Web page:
Living Room

Hacks to hide wires and electrics

I’m back! Blimey it’s been a while – since Christmas in fact. I didn’t plan to have such a long break from blogging or decorating, but life had other ideas.

Thankfully, this weekend was one of the first Rob had off work in a long time so it meant we finally had the chance to complete a project we had been planning for aaaages.

In one of my previous posts, I mentioned we had mounted our TV to the wall above our sideboard and although it looked great, we were annoyed by the exposed wires. I also didn’t like to see our Sky Box basking pride of place on the sideboard. It looked clunky, untidy and took up all the room intended for pretty furnishings.

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Rob’s PS4 has even jumped in on this photo op! Thankfully that can be easily hidden but the rest couldn’t and looked awful.

I trawled the internet looking for ways we could hide our electrics. There are certainly plenty of ideas out there and after numerous Pinterest pins and ‘How to’ videos we started putting a plan into action.

Hiding the Sky Box

After testing whether our Sky Box worked from inside the sideboard (and having a tantrum when it didn’t), we knew there was no option but to have it on top of the unit with a cover of some kind.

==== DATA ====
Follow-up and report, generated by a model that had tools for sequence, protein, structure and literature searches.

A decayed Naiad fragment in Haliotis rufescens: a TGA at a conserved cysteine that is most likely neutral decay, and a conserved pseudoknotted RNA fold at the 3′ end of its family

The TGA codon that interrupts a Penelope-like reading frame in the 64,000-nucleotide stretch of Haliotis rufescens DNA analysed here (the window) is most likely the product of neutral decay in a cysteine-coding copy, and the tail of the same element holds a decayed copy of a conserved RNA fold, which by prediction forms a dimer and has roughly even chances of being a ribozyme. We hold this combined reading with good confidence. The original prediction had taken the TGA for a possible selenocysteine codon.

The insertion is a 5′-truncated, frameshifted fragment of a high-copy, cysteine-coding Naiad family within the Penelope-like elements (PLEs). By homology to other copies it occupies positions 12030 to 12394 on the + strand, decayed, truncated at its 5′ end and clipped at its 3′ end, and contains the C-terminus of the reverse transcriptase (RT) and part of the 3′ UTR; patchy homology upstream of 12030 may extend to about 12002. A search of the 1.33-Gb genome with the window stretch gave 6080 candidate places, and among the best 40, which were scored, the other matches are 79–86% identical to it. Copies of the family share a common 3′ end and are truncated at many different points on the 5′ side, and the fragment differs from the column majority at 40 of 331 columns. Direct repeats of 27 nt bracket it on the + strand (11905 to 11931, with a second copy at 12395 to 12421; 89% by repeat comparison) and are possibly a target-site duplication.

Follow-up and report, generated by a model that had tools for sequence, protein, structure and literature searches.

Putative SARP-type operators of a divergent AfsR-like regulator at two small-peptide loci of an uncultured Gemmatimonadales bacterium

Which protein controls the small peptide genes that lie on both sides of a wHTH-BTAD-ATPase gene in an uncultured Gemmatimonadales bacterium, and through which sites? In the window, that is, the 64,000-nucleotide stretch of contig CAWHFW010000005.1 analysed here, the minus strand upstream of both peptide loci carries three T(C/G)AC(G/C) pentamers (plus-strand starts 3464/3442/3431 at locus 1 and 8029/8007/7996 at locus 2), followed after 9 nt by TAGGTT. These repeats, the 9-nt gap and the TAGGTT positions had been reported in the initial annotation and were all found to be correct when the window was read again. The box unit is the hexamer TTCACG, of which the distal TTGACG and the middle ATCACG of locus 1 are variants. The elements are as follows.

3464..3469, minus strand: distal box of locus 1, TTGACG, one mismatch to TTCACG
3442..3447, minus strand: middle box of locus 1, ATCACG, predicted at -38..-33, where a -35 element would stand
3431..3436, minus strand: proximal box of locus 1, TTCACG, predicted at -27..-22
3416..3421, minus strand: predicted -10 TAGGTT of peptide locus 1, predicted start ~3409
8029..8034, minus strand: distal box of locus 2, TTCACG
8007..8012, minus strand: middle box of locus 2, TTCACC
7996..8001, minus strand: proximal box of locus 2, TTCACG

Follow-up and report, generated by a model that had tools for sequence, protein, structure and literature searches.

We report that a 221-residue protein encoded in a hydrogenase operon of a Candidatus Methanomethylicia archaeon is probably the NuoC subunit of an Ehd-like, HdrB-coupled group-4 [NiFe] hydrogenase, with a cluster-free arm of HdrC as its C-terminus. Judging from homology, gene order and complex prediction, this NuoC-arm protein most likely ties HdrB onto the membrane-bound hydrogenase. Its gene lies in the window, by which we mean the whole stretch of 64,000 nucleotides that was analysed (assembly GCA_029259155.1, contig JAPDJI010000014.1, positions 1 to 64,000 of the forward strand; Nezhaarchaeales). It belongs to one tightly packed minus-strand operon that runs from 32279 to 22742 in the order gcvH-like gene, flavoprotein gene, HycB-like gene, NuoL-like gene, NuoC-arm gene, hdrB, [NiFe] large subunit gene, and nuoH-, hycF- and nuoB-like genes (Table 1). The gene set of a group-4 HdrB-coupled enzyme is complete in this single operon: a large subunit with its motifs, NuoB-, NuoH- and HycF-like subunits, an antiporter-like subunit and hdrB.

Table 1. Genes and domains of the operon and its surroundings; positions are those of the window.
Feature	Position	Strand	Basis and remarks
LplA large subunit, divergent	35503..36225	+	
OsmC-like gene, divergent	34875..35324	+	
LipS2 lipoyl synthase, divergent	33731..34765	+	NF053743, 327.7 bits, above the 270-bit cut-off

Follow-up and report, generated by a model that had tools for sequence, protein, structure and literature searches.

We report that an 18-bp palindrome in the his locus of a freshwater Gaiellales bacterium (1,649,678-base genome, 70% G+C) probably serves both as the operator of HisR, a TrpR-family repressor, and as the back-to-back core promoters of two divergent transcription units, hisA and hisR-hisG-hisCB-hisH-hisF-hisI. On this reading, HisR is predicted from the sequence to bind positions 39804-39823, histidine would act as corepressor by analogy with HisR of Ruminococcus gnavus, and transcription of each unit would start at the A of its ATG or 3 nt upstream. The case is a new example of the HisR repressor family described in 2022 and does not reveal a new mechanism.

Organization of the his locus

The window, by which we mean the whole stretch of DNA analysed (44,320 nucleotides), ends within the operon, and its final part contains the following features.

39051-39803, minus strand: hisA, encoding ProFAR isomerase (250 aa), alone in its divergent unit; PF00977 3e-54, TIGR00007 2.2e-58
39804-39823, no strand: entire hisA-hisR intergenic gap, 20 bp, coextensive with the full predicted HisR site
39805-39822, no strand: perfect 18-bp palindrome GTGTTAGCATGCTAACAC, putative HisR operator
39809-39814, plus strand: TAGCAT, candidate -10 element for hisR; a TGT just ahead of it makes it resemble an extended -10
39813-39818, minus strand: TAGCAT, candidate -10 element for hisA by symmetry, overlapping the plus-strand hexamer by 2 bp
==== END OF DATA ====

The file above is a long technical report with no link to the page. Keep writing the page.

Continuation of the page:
We came up with the idea to break down a wicker-wood crate from Dunelm and re-build it with sheets of perforated aluminium from Amazon. Encasing the Sky Box this way would make it less of an eyesore, but would make sure it was still detectable to our remote control.

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The crate measured 44cm in length, 31cm in depth and 20cm in height which meant that when covered, the Sky Box would still have plenty of space for ventilation and wouldn’t overheat in its new home.

First, we managed to snap some of the top frame off the crate before removing some of the wicker.

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Unfortunately, the rest of the frame didn’t want to come off so easily. We wanted to avoid forcing it and breaking the wood, so Rob set on it with his saw.

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After managing to pull it all apart, we were left with what looked like a teeny tiny table (cute). Rob shortened the ‘legs’ so it wasn’t too high when covering the Sky Box, and then we measured up the aluminium before using side cutters to trim it to size.